The Sinn Féin political party have also been critical of the Special Criminal Court.[10] Some prominent Sinn Féin members (including Martin Ferris and Martin McGuinness) have been convicted of offences by it.

Well-known cases[edit]

Most famous is the case of Nicky Kelly, who was convicted along with two other men by the Special Criminal Court in 1978 of carrying out the Sallins Train Robbery. All three convictions were later overturned after it was found that the suspects had been assaulted by gardaí while in custody.

In 2003, Michael McKevitt was convicted of "directing terrorism" and "membership of an illegal organisation" for his role as leader of the Real IRA. In 2001, Dundalk man Colm Murphy was convicted of "conspiracy to cause an explosion likely to endanger life or cause injury", in connection with the Omagh bombing . In January 2005, Murphy's conviction was quashed and a retrial ordered by the Court of Criminal Appeal, on the grounds that two gardaí had falsified interview notes, and that Murphy's previous convictions were improperly taken into account by the trial judges.[11]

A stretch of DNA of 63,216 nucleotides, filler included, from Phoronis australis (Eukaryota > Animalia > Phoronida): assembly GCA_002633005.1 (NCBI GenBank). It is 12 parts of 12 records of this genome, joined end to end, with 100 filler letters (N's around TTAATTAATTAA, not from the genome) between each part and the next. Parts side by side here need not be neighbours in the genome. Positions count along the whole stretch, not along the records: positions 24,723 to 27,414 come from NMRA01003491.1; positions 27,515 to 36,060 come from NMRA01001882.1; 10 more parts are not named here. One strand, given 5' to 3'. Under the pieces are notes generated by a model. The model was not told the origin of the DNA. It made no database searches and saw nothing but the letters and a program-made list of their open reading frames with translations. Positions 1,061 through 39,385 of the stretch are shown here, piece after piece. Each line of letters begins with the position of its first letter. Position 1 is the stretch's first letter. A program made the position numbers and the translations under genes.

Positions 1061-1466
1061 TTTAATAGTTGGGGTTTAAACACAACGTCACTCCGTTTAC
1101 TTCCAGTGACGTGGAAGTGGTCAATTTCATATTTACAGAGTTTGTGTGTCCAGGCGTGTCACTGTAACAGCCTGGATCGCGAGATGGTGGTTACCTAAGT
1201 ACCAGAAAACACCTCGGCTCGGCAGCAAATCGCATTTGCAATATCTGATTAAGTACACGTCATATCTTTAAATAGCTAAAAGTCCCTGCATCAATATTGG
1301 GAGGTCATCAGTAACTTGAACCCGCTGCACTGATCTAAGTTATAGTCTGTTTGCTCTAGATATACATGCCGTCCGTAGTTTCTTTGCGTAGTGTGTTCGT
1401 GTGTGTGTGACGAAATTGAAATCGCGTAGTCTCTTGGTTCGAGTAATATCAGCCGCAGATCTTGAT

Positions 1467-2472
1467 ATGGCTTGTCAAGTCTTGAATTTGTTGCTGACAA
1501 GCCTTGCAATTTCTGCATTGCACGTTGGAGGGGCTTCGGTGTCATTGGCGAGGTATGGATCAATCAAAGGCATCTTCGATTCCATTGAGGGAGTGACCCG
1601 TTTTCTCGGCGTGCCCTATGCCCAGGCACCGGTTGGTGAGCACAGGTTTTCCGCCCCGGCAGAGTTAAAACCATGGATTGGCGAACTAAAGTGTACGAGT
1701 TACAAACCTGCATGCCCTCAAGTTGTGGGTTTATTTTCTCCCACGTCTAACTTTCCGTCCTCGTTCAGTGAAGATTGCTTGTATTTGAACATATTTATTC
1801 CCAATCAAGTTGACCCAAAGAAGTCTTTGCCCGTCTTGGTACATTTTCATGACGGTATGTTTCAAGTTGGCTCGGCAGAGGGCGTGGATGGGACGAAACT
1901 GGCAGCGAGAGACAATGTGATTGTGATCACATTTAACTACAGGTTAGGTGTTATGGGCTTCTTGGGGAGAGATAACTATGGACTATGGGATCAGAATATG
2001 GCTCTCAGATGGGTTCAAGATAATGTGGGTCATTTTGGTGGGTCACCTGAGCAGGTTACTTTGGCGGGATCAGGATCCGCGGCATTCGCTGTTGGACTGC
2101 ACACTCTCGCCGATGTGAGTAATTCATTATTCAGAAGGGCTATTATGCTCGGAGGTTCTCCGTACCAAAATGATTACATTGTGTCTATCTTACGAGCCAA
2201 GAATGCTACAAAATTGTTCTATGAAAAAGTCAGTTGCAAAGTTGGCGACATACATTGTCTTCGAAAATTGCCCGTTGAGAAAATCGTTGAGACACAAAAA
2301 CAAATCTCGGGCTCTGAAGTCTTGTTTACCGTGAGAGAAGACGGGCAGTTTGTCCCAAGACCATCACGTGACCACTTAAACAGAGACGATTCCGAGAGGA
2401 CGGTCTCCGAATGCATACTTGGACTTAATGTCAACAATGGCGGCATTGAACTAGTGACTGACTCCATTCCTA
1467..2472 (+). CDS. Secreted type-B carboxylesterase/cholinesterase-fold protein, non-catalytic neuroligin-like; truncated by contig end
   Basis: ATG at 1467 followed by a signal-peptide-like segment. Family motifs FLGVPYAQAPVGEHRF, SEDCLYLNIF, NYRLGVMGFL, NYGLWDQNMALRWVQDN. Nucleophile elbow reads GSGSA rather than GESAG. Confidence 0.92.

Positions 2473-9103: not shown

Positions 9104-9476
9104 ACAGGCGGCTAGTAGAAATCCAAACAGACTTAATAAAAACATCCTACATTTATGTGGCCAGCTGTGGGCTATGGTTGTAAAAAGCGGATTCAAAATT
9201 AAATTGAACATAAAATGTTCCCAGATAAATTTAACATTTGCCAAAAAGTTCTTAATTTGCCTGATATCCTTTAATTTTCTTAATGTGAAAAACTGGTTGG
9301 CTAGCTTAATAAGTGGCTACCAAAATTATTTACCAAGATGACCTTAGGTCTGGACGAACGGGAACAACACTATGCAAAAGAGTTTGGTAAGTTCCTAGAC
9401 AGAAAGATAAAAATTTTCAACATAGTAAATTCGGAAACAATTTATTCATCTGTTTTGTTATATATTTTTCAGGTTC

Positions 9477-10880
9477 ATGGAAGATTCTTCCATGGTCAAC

See also[edit]

References[edit]

  1. ^ a b c d e f g h Joseph Kavanagh v. Ireland, United Nations Human Rights Committee Communication No. 819/1998, U.N. Doc. CCPR/C/71/D/819/1998 (2001).
  2. ^ a b c d e The Special Criminal CourtIrish government information website
  3. ^ Forsyth 1852, p. 431.
  4. ^ OFFENCES AGAINST THE STATE ACT, 1939law establishing the court
  5. ^ Special Criminal CourtCourts Service website
  6. ^ Minister announces establishment of second Special Criminal CourtDepartment of Justice press release, 22 December 2004
  7. ^ ICCL press conference marking the 30th 'birthday' of the Special Criminal CourtIrish Council for Civil Liberties criticisms of the court
  8. ^ Submission to the Committee to Review the Offences Against the State Acts and Other MattersAmnesty International criticisms of the court
  9. ^ HUMAN RIGHTS COMMITTEE CONCLUDES SIXTY-NINTH SESSIONUnited Nations Commission on Human Rights recommends the abolition of the court
  10. ^ Special Criminal Court needs to be closed down not expandedcomments by Sinn Féin justice spokesperson Aengus Ó Snodaigh
  11. ^ Relatives disappointed with Omagh rulingRTÉ News article, 21 January 2005

Further reading[edit]

Seosamh Ó Longaigh, Emergency Law in Independent Ireland, 1922–1948 (ISBN 1-85182-922-9)

Fergal F Davis, The History and Development of the Special Criminal Court (ISBN 978-1-84682-013-7)